# Calculate water hardness - this is how it works

For the water hardness there are different dimensions, different units and different calculation methods. Everything that you need to know about the calculation and conversion of the water hardness is therefore explained in this article.

### Temporary and permanent hardship

First of all, it is decisive for the calculation whether one wants to specify the so-called temporary hardness or the permanent hardness of the water.

For both values, there are different measuring methods, which therefore also produce different units in the result. However, for practical use in relation to one's own drinking water from the line or from other sources, the permanent hardness or non-carbonate hardness is almost always decisive.

### units

The traditional water hardness units are different in each country. In Germany and Austria, the unit of measure German degrees of hardness (° dH) is often used, while in France and also in Switzerland the French degrees of hardness (° fH) are decisive.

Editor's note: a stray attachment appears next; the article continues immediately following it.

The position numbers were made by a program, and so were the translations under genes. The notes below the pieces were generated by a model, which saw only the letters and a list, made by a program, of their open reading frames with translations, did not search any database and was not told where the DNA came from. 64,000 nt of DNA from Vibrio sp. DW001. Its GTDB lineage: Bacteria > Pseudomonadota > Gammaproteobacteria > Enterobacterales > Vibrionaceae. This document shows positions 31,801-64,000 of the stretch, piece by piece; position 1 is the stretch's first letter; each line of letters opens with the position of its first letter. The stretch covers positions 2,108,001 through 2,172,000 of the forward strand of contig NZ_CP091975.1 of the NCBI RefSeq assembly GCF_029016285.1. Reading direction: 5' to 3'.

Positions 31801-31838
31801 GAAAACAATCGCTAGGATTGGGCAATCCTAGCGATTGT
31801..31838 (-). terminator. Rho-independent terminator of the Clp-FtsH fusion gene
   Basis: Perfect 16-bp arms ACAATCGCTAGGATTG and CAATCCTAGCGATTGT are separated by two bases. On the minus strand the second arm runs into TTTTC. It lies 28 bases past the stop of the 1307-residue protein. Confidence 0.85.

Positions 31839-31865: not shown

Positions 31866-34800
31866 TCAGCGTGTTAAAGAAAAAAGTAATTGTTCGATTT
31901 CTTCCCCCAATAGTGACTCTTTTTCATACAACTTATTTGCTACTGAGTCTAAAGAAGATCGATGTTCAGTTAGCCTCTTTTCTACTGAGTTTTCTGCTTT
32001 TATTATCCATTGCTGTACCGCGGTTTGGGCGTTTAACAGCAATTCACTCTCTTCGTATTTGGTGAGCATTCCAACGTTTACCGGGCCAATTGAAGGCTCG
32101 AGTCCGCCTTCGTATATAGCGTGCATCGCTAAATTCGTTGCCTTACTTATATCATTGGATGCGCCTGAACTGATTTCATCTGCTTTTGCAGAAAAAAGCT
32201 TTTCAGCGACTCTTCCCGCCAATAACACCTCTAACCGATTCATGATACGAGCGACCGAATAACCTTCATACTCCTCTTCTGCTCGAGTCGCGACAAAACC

#### Anglo-Saxon units

In addition, there are also English degrees of hardness (° e) and in the United States also the unit ppm CaCO3 common dimensions. A direct comparison of the units of measurement is not exactly possible because they are based on different measurement methods.

#### German degrees and chemically correct indication

1° dH means the content of 10 mg CaO per liter of water, all other alkaline earth metals are not taken into account in the unit° dH, but specified separately.

In legal regulations, however, today a total specification of all alkaline earth metals in water, the so-called total hardness, in a chemically correct indication in mmol / l (milli moles per liter) is stipulated as binding in the determination of hardness.

This also corresponds to the SI units valid in the technical and scientific fields alone. A conversion of° dH in mmol / l is not exact because of the possibly fluctuating content of magnesium and other alkaline earth metals, but only approximately possible.

As a rough conversion factor, one can assume a conversion ratio of 1: 0.1783 for German degrees of hardness for most waters. (1° dH corresponds to about 0.1783 mmol / l).

For French degrees of hardness, the ratio is about 1: 0.1.

### Tips & Tricks

When using measuring instruments or other measuring methods, it is essential to make sure that the information is given in mmol / l - a conversion from° dH or° fH is not exactly possible.